Egypt proposes N-free zone in Middle East
* Condemns Israel for standing in the way
* Israel dismisses Arab complaint about atom arsenal
VIENNA: Egypt on Wednesday proposed the creation of a nuclear-free zone in the Middle East and blasted Israel for standing in the way, at a meeting in Vienna of the UN atomic watchdog.
“Egypt will be tabling a draft resolution on this item, a nuclear-free zone” and hopes for “a serious international commitment in this area,” Egyptian ambassador Ramzy Ezzeldin Ramzy told the 139-nation general conference of the International Atomic Energy Agency.
Ramzy appealed to IAEA chief Mohamed ElBaradei “to continue his efforts to persuade the country which is standing in the way of the creation of such an area to display good will”, in a clear reference to Israel.
The annual IAEA general conference has in past years adopted Egyptian-inspired resolutions calling on states to work towards a Middle East nuclear-free zone but the texts never mention Israel by name.
Israel has in the past joined in consensus on the resolution, as it promised Wednesday to do again, in return for another resolution that seeks to have “Israeli Nuclear Capabilities and Threat” discussed at the conference being dropped.
Diplomats said the IAEA conference gives Arab states a chance to vent anger at Israel, which is the only Middle Eastern state believed to have nuclear weapons, while preserving consensus at the UN atomic monitoring agency.
Arab states also resent the fact that the IAEA is cracking down on Iran for what the United States charges is a covert nuclear weapons programme while US ally Israel avoids such scrutiny.
“To build confidence . . . you must have one element - renounce possession of nuclear weapons, create an area free of weapons of mass destruction” and agree to “full verification on the part of the IAEA,” Ramzy said.
The Egyptian draft resolution “calls upon all states in the region to take measures aimed at establishing a NWFZ in the Middle East” but does not specify any obligations.
Israel dismisses Arab complaint: Israel on Wednesday dismissed as “cynically motivated” a push by Arab countries to have the United Nations nuclear watchdog’s 139 member states condemn the Jewish state for having nuclear weapons.
Israel neither confirms nor denies having a nuclear arsenal but experts estimate it has between 100 and 200 atomic bombs.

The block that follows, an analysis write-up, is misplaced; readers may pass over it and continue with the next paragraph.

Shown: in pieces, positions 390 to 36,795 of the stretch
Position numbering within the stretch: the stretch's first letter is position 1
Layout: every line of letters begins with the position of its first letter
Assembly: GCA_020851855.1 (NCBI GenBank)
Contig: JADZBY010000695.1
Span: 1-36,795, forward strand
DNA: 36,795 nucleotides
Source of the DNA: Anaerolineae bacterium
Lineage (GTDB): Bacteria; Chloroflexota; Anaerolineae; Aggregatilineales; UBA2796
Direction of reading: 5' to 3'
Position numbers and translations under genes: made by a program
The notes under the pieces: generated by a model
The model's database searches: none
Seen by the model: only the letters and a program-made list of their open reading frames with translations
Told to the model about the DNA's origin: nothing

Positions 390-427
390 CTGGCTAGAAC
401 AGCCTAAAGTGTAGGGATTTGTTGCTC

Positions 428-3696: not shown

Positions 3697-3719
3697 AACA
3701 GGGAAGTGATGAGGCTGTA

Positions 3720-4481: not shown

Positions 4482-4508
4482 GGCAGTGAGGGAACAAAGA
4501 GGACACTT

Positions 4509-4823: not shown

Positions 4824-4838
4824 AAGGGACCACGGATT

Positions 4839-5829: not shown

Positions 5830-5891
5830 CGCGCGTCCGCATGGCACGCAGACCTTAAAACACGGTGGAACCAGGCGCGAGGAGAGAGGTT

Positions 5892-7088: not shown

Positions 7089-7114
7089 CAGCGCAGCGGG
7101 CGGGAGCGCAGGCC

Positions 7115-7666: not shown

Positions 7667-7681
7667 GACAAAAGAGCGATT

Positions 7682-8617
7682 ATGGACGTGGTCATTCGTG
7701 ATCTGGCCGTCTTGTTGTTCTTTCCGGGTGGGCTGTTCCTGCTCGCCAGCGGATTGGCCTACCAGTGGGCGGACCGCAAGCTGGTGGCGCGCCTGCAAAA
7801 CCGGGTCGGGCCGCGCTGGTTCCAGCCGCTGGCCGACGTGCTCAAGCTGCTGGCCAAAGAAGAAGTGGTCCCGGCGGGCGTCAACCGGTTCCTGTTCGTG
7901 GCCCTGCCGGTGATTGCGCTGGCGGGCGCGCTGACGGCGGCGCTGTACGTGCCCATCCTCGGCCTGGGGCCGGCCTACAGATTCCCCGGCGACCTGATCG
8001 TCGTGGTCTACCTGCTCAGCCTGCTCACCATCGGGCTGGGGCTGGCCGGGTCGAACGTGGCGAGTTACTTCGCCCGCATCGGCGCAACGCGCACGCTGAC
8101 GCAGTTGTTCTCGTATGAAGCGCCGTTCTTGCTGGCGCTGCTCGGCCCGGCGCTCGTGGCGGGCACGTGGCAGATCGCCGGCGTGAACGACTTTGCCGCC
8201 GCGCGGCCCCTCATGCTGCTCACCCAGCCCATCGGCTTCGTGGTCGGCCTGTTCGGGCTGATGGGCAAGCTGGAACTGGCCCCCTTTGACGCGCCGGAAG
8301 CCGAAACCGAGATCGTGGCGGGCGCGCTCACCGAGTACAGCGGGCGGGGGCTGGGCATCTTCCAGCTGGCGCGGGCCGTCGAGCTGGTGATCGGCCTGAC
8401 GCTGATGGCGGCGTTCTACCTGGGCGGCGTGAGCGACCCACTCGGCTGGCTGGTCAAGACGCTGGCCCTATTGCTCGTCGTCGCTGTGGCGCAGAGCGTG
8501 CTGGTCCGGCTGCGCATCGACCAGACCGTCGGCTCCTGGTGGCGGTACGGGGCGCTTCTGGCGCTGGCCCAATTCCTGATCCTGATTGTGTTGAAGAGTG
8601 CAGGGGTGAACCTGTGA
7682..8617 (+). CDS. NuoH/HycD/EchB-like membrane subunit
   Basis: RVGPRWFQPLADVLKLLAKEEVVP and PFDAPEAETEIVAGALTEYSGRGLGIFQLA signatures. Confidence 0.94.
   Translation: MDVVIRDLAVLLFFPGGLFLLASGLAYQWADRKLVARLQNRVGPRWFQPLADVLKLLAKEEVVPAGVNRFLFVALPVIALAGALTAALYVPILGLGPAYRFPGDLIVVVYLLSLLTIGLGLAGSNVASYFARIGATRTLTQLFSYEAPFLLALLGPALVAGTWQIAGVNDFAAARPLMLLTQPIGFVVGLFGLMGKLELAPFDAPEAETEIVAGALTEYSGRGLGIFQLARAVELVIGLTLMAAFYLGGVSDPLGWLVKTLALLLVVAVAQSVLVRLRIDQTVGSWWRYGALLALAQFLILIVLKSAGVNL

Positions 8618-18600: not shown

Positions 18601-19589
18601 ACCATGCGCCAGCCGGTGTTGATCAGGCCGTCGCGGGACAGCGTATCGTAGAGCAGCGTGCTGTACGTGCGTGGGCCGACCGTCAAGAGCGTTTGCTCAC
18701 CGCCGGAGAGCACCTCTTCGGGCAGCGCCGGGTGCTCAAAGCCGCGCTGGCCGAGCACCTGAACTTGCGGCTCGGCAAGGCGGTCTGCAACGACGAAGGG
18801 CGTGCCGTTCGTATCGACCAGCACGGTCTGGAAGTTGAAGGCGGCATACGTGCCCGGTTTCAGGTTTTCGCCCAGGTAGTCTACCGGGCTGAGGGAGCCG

In a letter submitted to the International Atomic Energy Agency (IAEA) on behalf of Arab member states, Oman asked that member states consider a statement strongly criticising Israel at the agency’s General Conference this week.
Israel pushed for countries to reject the letter, which is on the meeting’s agenda.
“There is no basis for this agenda item, whose sponsors are motivated by extraneous considerations which are also evident in their efforts to challenge Israel’s credentials,” the head of Israel’s Atomic Energy Commission, Gideon Frank, said in a statement to the General Conference.
“Both actions are politically and cynically motivated and have little to do with the IAEA’s objective or mandate. They inevitably cast a serious doubt on the sincerity of its sponsors,” he added.
The statement adjoined to the Arab letter said: “Israel’s possession of nuclear weapons is likely to lead to a destructive nuclear arms race in the region, especially if Israel’s nuclear installations remain outside any international control.”
Arab countries submit similar statements to the IAEA’s general conference every year, but have failed to win backing since 1991.
Israel is the only country in the Middle East believed to possess nuclear weapons and has not signed the global pact aimed at halting the spread of atomic arms, the nuclear Non-Proliferation Treaty (NPT).
The Arab letter was submitted on behalf of 15 countries - including Jordan, Egypt, Saudi Arabia, Libya, Algeria, Lebanon, Syria, the United Arab Emirates and Sudan - and the Palestinian Authority. Iraq was not included.
IAEA chief Mohamed ElBaradei has called for Israel to scrap its atomic arsenal.
If countries backed the Arab proposal, listed as agenda item 22, Israel said it would not support the preceding item, an Egyptian draft resolution calling for states in the Middle East to take steps towards creating a zone free of nuclear weapons.
“Israel, as in previous years, will not be in a position to support agenda item 21 on the application of IAEA safeguards in the Middle East if any action is taken on agenda item 22,” Frank said.
The latest Arab drive to condemn Israel follows a resolution passed by the IAEA’s 35-nation governing board requiring that Iran, a sworn enemy of the Jewish state, be reported to the UN Security Council over fears it wants to build nuclear weapons. reuters